Leftovers galore here, but it’s all set around the Iona-meets-Local-Hero set, Snowdonia. This is a fine collection, ideal for de-stressing, with the Another Realm bonus disc added on.
Label: Open Sky (www.iona.uk.com)
Time: 14 + 14 tracks, 55 + 71 mins
Most box sets have a miscellaneous disc, where the bits and pieces are collected. Snowdonia (originally named Dunes) was already a miscellany when it was released as disc 4 of the The River Flows anthology that launched the band’s Open Sky label, back in 2002.
Slightly schizophrenic, it initially divides into two 22-minute segments: the first is made up of peaceful and ambient pieces and the second is a series of jigs and reels, but there is even a lightness to the latter. The end of the disc sees a return of the peaceful pieces as two add-ons from other albums appear: “Song of the Waves” is a spoken word piece over piano, synth and violin, adapted from words attributed to Columba, which was intended for the Open Sky album; while the closing track is “The Final Journey,” intended for Beyond these Shores and reprising its gorgeous musical theme on whistle.
The main chunk is “Snowdonia – Realm of the Ravens,” a series of short pieces adapted from soundtrack material for the BBC Nature programme of the same name. It’s the sort of peaceful music you would expect to hear backing images of birds floating on the breeze with mountains in the background. It has pipes, wordless vocal loops, harp, piano and keys washes, with occasional sax, violin and rhythm instruments. The track “Dunes” has a particularly lovely theme, echoed by other instruments and set to a vaguely eastern percussion track. A sparser, darker version of it continues in the short “Macha.” As the title suggests, “Above the Clouds” is a particularly free-flowing and peaceful track, led by van Essen’s violin.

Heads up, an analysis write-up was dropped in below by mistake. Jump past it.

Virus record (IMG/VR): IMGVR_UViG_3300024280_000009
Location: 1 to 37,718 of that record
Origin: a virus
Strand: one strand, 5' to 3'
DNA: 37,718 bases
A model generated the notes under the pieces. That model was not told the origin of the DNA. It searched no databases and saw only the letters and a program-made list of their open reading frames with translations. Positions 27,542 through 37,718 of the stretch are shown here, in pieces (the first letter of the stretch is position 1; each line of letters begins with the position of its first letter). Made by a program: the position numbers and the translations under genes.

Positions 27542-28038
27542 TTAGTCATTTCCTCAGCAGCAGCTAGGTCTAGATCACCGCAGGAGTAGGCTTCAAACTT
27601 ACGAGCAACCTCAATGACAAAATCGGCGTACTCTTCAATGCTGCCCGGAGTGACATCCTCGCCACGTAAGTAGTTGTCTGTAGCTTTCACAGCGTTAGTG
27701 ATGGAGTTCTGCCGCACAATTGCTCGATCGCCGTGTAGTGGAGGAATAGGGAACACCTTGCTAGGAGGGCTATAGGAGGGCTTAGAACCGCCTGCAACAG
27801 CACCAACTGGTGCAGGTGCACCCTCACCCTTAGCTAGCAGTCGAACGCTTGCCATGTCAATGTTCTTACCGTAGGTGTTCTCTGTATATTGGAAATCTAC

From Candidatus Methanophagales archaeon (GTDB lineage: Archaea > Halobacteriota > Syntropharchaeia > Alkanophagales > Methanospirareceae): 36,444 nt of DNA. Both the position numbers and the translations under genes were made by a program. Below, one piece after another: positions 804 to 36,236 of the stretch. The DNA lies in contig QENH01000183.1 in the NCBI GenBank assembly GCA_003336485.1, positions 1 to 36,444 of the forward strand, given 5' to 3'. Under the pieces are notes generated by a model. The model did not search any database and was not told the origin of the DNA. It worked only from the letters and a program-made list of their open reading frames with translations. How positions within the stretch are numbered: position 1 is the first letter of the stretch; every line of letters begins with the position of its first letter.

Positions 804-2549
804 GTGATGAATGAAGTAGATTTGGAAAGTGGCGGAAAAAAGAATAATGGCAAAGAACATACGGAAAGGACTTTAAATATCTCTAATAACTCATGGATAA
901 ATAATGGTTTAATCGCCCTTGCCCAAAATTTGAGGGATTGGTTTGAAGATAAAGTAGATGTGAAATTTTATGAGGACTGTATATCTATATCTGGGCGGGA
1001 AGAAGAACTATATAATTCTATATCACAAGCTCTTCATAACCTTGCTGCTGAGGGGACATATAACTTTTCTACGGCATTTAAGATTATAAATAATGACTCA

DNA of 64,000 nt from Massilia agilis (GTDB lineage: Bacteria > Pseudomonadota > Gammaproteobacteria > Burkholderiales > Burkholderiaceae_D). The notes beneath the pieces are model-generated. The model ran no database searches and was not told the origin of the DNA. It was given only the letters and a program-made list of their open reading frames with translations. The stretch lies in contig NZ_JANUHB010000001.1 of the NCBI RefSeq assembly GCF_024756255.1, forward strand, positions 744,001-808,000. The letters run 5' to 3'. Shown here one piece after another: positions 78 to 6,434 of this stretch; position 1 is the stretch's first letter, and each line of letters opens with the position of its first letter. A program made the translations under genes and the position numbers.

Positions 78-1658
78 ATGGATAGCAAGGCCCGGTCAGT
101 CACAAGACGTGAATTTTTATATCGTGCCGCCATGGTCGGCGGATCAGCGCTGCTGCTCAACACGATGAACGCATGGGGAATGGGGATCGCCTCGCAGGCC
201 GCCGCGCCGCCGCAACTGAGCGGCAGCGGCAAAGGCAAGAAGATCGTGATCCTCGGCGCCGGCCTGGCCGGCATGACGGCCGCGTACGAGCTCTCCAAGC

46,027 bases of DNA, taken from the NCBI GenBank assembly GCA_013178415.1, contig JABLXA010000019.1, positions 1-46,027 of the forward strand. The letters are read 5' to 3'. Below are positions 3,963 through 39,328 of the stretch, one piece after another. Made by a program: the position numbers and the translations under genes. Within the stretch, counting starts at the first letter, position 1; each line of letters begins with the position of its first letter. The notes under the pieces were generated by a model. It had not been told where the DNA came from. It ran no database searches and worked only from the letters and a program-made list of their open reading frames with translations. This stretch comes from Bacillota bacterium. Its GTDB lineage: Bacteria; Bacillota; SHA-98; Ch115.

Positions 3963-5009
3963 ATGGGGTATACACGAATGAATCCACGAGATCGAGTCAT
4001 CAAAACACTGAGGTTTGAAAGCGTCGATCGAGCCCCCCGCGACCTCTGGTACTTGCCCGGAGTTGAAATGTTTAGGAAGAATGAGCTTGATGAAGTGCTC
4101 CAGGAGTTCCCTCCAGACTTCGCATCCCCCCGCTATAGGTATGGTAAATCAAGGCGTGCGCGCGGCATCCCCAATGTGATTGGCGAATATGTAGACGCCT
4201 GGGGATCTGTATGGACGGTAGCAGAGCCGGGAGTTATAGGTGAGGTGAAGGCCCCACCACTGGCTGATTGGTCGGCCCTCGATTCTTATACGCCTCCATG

The jigs series were recorded live in the studio by a version of the band without singer Jo Hogg, to reflect some of the popular live tracks that hadn’t yet had much of an album presence. “Hearthquake,” a key track for multi-instrumentalist Troy Donockley’s former band You Slosh, feels quite generic at the beginning, but when it slows and takes its own melodic shape, its appeal grows. The third of these pieces is a very fine, lively, extended version of “Castlerigg/Reels.”
Making up for her absence, the odd-one-out is Hogg’s version of “I Will Give my Love an Apple,” recorded for a Classic Rock Society’s unplugged compilation.
This is a fine set, ideal for de-stressing.
Companion Disc: As Another Realm was already a double disc set, its companion disc has been packed with Snowdonia.
The tracks featured here are the more straightforward ones, so not the intricate mood epic “Atmosphere of Miracles” or the Celtic rocker “Let the Waters Flow.” For several songs, including “The Ancient Wells,” the title track and “Clouds,” we have Jo Hogg’s original demos. By now, she owned a Yamaha C7 grand piano and the recording was digital, so as well as showing the progress of these songs through time (there are three versions of “Another Realm”), the fullness of her piano work is evident from the start.
The genesis of “And the Angels Dance” is here. Keysman /producer Bainbridge had found an old rhythm loop that he and Hogg improvise over. The loop was on cassette, so the sound is somewhat clunky on this document, not helped by the exploratory nature of the process; but it does show well how the song evolved.
There are 26 minutes of very worthwhile new songs at the end. “All that I have Ever Dreamed” is an almost orchestral ballad that didn’t quite make it onto the album, but it is arguably better than one or two that did, with a memorable chorus hook, decorated with Donockley’s low whistle.
“Gotta Lift our Eyes Up” is a simple piano worship ballad that feels a little weak.
“Between Heaven and Earth” and “The Crossing” are two more improvisations that didn’t make the original disc. The first is an eleven-minute drifting wordless Bainbridge/Hogg piece (now with added “orchestral backdrop”) that would have fitted Snowdonia well; while the latter is an equally slow and atmospheric six-minute piece with bandleader Dave Bainbridge on keys and Donockley’s replacement Martin Nolan on pipes and whistles.